Enterprise IT should welcome encapsulation protocol cooperation

The two leading and competitive protocols -- VXLAN and NVGRE -- to some extent emerged on the market due to hypervisor and network virtualization competition between Microsoft and VMware. Now those companies are cooperating on GENEVE.

"I think it's somewhat a case of a 'the enemy of my enemy is my friend' here," said Teren Bryson, IT director for a multinational industrial equipment manufacturer. "Microsoft and VMware have a strong interest in getting tunnel overlay technology to take hold as the preferred method of 'doing' SDN.

Bryson said GENEVE could also make the NVGRE and VXLAN support Broadcom has built into Trident II silicon obsolete. "Intel has an interest in hurting Broadcom, whose chips will get marginalized in the short term if this takes hold in any meaningful way."

Unanswered questions about GENEVE encapsulation protocol

In order for GENEVE to take hold, hardware and silicon vendors will have to create supporting equipment and chips.

In-hardware, VXLAN and NVGRE encapsulation is just now hitting the market in large volumes, thanks to Broadcom's Trident II networking chip. Broadcom was co-author of the VXLAN specification and integrated VXLAN and NVGRE support directly into its silicon. Switch manufacturers have relied on those chips to provide in-hardware encapsulation, which is essential to overlay scalability and performance.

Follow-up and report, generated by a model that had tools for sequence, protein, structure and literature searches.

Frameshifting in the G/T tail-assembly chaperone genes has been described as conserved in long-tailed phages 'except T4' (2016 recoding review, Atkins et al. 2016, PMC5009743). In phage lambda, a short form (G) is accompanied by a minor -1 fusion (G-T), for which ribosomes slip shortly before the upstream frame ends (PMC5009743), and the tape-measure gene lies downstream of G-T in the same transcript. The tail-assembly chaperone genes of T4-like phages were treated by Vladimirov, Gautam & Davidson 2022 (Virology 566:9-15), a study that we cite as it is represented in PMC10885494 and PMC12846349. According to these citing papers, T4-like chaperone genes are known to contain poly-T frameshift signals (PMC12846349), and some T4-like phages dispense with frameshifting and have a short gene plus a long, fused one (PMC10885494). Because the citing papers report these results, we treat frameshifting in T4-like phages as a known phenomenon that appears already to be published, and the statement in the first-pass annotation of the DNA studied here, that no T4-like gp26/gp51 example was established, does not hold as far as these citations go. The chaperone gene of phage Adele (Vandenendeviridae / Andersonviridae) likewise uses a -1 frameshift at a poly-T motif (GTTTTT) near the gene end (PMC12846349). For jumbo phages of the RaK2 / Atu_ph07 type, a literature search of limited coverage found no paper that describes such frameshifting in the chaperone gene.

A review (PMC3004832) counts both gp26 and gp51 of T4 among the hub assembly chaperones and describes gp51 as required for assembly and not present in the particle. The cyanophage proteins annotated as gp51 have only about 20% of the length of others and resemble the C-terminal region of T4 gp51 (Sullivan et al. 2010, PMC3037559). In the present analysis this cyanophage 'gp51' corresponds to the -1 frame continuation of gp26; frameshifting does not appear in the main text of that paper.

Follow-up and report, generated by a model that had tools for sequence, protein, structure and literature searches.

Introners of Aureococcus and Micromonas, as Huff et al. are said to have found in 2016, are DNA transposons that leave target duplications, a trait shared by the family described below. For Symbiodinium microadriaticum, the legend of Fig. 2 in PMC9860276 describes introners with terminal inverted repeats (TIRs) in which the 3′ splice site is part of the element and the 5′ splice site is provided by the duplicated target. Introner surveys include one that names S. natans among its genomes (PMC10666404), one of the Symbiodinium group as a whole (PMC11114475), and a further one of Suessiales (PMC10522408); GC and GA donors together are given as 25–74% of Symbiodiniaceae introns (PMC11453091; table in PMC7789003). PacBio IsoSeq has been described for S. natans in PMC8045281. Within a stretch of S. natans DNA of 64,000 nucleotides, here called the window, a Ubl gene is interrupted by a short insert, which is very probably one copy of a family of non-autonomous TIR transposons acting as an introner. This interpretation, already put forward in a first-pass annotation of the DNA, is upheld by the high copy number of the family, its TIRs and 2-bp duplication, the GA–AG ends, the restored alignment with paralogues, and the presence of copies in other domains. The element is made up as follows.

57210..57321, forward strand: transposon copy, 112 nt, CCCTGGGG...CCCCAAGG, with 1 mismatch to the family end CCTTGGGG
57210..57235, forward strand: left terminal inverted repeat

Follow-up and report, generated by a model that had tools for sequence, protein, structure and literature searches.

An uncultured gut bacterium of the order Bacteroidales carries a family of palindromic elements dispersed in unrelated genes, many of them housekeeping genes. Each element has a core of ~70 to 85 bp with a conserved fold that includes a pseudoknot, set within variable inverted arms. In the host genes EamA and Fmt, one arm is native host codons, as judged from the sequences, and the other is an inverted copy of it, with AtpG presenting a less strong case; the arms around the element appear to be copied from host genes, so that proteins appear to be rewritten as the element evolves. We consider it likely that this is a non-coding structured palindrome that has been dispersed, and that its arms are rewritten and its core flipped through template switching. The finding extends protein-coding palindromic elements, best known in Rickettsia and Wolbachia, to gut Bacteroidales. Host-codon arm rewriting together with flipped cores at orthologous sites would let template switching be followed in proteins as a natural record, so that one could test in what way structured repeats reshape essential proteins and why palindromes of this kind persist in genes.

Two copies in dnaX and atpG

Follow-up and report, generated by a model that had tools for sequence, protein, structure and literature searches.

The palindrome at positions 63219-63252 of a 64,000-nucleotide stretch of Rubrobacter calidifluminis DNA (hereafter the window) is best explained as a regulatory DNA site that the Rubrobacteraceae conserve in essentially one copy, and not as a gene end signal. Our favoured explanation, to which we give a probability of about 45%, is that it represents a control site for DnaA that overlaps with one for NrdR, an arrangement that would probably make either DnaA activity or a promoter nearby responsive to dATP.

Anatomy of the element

GENEVE may require new silicon, and it's unclear who will provide it. Intel's involvement in GENEVE suggests it will build chips to support the protocol, but what about the rest of the industry?

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"The biggest problem I see, yet again, with [GENEVE] and NVGRE/VXLAN, is [they] require new silicon in most [top-of-rack] switches," said Josh Barron, a senior engineer at a systems integrator in the Pacific Northwest. "We have only just recently seen wide adoption of the Trident II chipset, and even that doesn't have full VXLAN capabilities in the 1U reference architectures. All in all, GENEVE sounds great, if the industry can truly embrace it and make gear for it. It doesn't really matter if Red Hat, Microsoft and VMware are supporting it if the [top-of-rack switch] manufacturers don't."

The approach to metadata is also being hotly debated inside the IETF right now, Hanselman said. "The question is -- what is the nature of the meta tags that need to exist? And within that encapsulation, where should they live? Should it be included in the header or the body of the data that's being carried?"

GENEVE's proponents will have to settle these questions quickly, Lerner said.

"The longer GENEVE takes, the more entrenched the VXLANs and NVGREs of the world will become. In the absence of GENEVE today, organizations are deploying the other protocols, so speed of ratification is important, because it will likely be tedious for organizations to switch overlay protocols down the road."

Let us know what you think about the story; email Shamus McGillicuddy, news director or follow him on Twitter @ShamusTT